firstname.lastname@example.org — I know I can’t feel completely alone when the economical divide portrayed in today’s reviewed film appears as a scenario our own society could verily easily become a part of. Even if one just uses our own history as a species as an example, we can’t shy away from a been there done that when it comes to spectator sport murder.
Whether one admits it or not, it is an unavoidable Déjà vu when the suffering of the poor in the film are not too unlike reality in that it can seem the only way to get ahead is if a person gains the favor of those holding all the money and power. It continues the sentiments of the first film, perhaps bumped up in an even better way than the first chapter and again it doesn’t take long to root for good to take evil down hard. “Hunger Games: Catching Fire” never stops being an intense ride and further solidifies reason for fan mania in one of the best series of modern cinema.
Picking up after surviving the 74th rendition of what might as well be called the Hitler Games, Katniss Everdeen (Jennifer Lawrence) and Peeta Mellark (Josh Hutcherson), return to a life that is pretty much supposed to be them showing their gratitude toward the government for the rest of their days. On a tour de manure shovel, this is made apparent by those like their mentor Haymitch Abernathy (Woody Harrelson), but not surprisingly the people motivated by Katniss’ strength would rather give their own version of the middle finger even if it means dying for it.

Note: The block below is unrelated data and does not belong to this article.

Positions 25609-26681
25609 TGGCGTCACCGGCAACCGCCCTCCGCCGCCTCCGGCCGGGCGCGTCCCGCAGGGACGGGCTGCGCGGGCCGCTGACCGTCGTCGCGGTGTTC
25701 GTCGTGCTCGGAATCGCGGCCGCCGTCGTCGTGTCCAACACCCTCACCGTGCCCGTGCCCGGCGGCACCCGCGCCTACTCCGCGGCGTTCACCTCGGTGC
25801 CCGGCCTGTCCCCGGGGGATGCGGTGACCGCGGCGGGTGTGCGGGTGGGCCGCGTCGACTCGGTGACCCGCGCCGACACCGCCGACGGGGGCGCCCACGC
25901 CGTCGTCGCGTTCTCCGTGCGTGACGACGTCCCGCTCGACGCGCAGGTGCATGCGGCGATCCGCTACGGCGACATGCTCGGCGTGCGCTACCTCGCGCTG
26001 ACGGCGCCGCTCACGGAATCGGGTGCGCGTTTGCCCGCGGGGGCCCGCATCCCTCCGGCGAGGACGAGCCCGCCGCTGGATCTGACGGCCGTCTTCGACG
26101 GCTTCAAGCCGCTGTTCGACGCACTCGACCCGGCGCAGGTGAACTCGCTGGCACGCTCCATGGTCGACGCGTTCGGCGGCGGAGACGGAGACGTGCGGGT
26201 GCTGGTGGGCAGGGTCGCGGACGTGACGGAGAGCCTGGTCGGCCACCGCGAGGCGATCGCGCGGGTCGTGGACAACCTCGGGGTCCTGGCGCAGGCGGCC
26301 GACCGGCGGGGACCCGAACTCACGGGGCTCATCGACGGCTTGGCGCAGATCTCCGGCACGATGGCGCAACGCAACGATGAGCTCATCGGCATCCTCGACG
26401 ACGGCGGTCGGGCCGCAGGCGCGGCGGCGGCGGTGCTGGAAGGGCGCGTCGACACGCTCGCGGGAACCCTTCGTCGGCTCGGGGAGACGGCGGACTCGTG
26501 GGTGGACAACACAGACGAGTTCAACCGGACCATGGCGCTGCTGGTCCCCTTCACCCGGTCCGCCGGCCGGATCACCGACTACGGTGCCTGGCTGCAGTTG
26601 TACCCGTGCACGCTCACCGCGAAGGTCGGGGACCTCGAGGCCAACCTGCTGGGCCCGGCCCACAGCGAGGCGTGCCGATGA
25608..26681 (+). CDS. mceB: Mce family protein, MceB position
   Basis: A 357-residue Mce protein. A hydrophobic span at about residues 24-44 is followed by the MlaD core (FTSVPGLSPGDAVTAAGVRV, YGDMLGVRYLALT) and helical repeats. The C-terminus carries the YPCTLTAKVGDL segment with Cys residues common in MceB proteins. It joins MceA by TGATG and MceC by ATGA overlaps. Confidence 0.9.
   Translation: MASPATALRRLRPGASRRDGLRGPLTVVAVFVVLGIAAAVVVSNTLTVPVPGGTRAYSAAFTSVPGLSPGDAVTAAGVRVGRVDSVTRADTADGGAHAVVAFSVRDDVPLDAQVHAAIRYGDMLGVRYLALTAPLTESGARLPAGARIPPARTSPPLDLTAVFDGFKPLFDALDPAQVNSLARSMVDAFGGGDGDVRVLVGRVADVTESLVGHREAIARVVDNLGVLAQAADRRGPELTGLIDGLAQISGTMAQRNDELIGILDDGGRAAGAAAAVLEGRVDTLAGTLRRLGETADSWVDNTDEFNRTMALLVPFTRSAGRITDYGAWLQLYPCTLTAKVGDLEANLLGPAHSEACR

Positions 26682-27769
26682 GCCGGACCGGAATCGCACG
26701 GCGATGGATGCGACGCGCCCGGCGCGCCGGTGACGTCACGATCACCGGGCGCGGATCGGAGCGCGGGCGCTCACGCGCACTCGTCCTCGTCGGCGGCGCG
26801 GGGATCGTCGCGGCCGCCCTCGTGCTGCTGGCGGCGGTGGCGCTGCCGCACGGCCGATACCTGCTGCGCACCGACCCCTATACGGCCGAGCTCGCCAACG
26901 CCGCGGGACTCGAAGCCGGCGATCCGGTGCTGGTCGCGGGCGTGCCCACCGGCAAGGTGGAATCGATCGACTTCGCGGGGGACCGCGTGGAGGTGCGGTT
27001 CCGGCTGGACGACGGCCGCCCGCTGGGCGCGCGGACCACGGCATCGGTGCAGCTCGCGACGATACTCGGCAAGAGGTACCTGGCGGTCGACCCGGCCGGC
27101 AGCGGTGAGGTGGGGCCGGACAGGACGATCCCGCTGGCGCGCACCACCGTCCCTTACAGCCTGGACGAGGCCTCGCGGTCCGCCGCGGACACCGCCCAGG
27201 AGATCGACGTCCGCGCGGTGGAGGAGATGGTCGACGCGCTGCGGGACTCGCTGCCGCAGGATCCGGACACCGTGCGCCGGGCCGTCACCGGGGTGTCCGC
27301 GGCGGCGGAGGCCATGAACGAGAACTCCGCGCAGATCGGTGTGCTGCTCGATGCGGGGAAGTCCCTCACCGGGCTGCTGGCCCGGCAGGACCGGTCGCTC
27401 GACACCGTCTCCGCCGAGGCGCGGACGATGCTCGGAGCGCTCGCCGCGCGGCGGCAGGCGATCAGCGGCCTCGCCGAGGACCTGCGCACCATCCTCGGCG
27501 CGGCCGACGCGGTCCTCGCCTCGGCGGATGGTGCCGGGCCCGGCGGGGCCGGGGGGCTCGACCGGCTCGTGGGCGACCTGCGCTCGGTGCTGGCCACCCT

Cue President Palpatine…er I mean Coriolanus Snow (Donald Sutherland), who does his best Snidely Whiplash impression in trying to come up with a way to rid the world of Katniss once and for all and his “minion” Plutarch Heavensbee (Philip Seymour Hoffman) who finds the way. The way (as if it wasn’t made apparent in the 30 billion times it was shown before every movie for months), is to round up a bunch of the former victors for the 75th games, including our two “lovebirds” in order that they may now die (cue Bane’s muffled laughter). Though one of the chief complaints I saw mentioned was how many of the supporting characters were weakly portrayed, the film does what it is supposed to and invests us deeply in feeling every emotional tug of the story’s heroine.